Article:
Analysis: Brown a battler not a bottler
Gordon Brown's whole life story has been about overcoming adversity and coping with tragedy, which has moulded a man who is a battler not a bottler.
There is nothing in the background of the man so committed to a sense of duty in public service, and who so stubbornly pursued his dream of becoming Prime Minister, to suggest that he would be willing to walk away from No 10 when the going gets tough.
But there comes a time for every Prime Minister when, whatever their nature, whatever the polling data says, whatever offers of support - genuine or otherwise - they receive in public, the game is up.
It happened even to the fiercest of battlers, Margaret Thatcher, when her Cabinet ministers told her bluntly that she had to quit, even though she was convinced only a handful of doubters among her MPs needed to be won over for her to stay.
Westminster watchers now wonder whether such a moment has not arrived for Mr Brown.
Cabinet ministers have quit in disorderly fashion and even the normally loyal backbencher Barry Sheerman says: "If the Prime Minister doesn't realise that, across the party, there is a disillusionment with the way the parliamentary party has been consulted, treated and valued, he is heading for trouble."
Mr Brown's reputation for confrontational in-fighting, deserved or not, has done little to win him everlasting loyalty among Labour backbenchers, many of whom now face both the ruin of their reputations in the expenses scandal and the loss of their Westminster seats.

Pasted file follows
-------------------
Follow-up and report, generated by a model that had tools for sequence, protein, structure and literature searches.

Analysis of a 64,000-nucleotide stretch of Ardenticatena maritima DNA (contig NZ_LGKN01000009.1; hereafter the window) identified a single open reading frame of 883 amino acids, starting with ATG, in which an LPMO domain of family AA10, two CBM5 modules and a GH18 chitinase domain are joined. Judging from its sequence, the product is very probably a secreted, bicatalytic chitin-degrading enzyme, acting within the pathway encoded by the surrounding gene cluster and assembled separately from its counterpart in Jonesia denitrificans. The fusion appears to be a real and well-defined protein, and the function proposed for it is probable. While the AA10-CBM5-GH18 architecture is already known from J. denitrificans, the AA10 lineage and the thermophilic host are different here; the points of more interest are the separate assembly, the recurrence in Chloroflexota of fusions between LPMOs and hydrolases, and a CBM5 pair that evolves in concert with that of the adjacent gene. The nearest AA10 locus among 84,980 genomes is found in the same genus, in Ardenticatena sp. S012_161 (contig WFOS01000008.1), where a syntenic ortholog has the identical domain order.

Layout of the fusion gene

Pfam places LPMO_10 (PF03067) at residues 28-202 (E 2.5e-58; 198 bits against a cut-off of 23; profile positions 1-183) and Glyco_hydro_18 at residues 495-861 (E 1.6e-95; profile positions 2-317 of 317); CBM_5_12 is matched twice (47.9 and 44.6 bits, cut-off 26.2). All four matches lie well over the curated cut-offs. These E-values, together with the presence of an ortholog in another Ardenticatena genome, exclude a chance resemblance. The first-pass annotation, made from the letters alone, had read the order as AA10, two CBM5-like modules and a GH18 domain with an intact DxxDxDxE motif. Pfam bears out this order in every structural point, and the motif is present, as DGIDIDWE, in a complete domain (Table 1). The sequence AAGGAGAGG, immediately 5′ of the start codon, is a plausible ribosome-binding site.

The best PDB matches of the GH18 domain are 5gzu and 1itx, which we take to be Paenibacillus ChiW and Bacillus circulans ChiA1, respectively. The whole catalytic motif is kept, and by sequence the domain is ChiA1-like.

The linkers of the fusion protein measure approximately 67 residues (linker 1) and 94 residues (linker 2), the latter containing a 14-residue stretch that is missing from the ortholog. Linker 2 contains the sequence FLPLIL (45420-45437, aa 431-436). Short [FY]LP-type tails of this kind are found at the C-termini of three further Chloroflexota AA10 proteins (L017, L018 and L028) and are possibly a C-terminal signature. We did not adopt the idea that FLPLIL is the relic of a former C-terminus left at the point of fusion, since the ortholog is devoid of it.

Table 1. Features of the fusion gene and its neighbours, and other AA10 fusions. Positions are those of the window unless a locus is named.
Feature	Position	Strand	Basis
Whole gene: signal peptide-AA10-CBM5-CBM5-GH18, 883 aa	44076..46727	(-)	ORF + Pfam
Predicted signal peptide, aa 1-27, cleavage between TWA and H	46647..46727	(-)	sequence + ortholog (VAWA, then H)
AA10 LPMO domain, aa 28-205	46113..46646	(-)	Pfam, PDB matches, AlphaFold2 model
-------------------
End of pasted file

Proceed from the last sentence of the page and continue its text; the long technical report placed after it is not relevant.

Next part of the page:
The premier may well be prepared for another 12 months of hard slog through to an election next spring, but his panicky MPs have other priorities.
Mr Brown could yet wrong-foot his potential opponents by declaring early that he will hold an autumn general election, leaving them little choice but to fall in behind him.
Another option would be for his wife Sarah to convince him that his own failing eyesight - the Prime Minister is blind in one eye and has extremely poor sight in the other - and family priorities mean the time has come to take a back seat.
Hers would be the one voice he would certainly heed.
But another year of simply hanging on looks increasingly unlikely, however much it might be Mr Brown's first and last instinct.
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